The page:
The event also played host to the launch of IDC’s CIO Advisory Council for West Africa. The council is an independent industry body tasked with spurring collaboration, incubating innovation, and accelerating the proliferation of new technology trends across the region, and its esteemed members for 2021 include: Bukola Ajetunmobi, CIO, Providus Bank; Oluwaseun Solanke, CIO, Airtel Nigeria; Prasanna Burri, Group CIO, Dangote Group; Richard Amafonye, CIO, Wema Bank; Tobe Nnadozie, Divisional Head, Business Technology & Digital Innovation, CSCS; Godfred Ofori-Som, Head of IT, Ghana National Petroleum Corporation; Tagbo Nnoli, CIO, Polaris Bank and; Foster Ekuede Lelekele, Director, Management Information Systems, Ghana Highway Authority For the very first time, this year’s IDC West Africa CIO Summit incorporated a dedicated CIO Masterclass Arena that attendees were able to access throughout the course of the event. This section of the virtual platform showcased a series of exclusive CXO best-practice presentations, fireside chats, and panel discussions with more than 30 respected industry thought leaders from global and regional pioneers such as HSBC, Chevron Corporation, McDonald’s, Levi Strauss & Co., Toyota, OANDA, ARB Apex Bank, and Nigeria’s Central Securities Clearing System.
IDC would like to thank the following partners for their invaluable contribution to the success of the IDC West Africa CIO Summit 2021: Summit Partners: VMware and UiPath; Platinum Partners: Palo Alto Networks, Dell Technologies, Citrix, Poly, and Open Text; Technology Focus Group Partners: Darktrace, Check Point, Hewlett Packard Enterprise operated by Selectium, ManageEngine, and FireEye.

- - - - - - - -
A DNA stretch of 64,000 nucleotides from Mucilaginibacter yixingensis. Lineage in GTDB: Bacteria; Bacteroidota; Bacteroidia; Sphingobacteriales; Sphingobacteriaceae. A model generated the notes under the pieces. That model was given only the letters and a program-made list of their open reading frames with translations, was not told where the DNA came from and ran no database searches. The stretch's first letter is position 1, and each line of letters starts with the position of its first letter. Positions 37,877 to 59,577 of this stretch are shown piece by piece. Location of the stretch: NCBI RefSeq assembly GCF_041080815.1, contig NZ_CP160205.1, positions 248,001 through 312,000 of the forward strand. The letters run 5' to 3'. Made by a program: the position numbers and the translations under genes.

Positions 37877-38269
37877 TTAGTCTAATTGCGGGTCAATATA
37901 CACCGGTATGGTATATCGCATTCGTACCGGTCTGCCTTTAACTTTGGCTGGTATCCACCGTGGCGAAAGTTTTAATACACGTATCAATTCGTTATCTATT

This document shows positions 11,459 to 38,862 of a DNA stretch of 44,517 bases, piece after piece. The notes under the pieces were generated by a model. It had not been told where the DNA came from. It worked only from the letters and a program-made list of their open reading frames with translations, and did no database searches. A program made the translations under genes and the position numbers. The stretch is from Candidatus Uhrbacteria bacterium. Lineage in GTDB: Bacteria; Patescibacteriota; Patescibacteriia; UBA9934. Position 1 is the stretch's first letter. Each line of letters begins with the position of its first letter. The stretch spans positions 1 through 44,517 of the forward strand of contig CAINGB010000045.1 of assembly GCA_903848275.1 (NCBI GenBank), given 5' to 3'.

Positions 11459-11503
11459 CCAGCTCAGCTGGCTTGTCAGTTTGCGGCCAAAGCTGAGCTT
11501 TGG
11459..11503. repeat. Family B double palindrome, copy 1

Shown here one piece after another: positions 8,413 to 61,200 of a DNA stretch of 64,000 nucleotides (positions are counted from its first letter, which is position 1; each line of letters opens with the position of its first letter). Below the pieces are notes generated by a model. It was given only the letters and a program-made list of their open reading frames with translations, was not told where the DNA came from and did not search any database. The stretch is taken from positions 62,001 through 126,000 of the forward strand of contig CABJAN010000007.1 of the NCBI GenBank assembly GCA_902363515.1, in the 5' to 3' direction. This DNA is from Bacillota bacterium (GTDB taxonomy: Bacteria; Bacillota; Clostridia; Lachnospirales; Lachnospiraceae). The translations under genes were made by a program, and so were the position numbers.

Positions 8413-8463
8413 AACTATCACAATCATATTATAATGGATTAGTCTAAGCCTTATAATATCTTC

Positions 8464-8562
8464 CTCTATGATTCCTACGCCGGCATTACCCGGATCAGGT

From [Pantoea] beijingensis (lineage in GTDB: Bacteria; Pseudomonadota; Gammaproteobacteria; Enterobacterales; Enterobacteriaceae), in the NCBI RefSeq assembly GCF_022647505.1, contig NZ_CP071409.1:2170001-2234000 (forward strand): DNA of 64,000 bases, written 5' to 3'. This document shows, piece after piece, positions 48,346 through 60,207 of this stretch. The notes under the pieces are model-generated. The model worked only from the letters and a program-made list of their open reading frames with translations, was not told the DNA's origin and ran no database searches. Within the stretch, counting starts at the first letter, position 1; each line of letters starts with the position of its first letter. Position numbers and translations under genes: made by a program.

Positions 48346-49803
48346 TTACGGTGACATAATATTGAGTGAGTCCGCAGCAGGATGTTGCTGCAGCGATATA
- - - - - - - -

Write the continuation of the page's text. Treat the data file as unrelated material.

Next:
Canon Collaborate With Nigeria, Egypt, Kenya Creative Communities
Canon Central and North Africa (CCNA) has invited film and photography communities across Africa to connect and collaborate. They are excited to announce the first three: SYNC School in Cairo, Egypt; Peexoo, a Nigerian photography hub, and the Photographers’ Association of Kenya (PAK).
More are welcome as the global imaging leaders would like to develop creative collaborations in every country in the region. Canon has been a long-standing supporter of film and photography education groups. These relationships can now go deeper by sharing Canon expertise, knowledge and technology, with regular masterclasses, training opportunities, photo booths and competitions.
Canon is committed to build closer ties with its customers and the collaborations are a way to inspire and enrich the next generation of image-makers. “Our mission is to empower people to see the bigger picture, on a grand yet local level,” explains Amine Djouahra, sales and marketing director for Canon Central & North Africa. “In this rapidly changing, image-based culture, we want to explore new and innovative ideas with a wider audience.”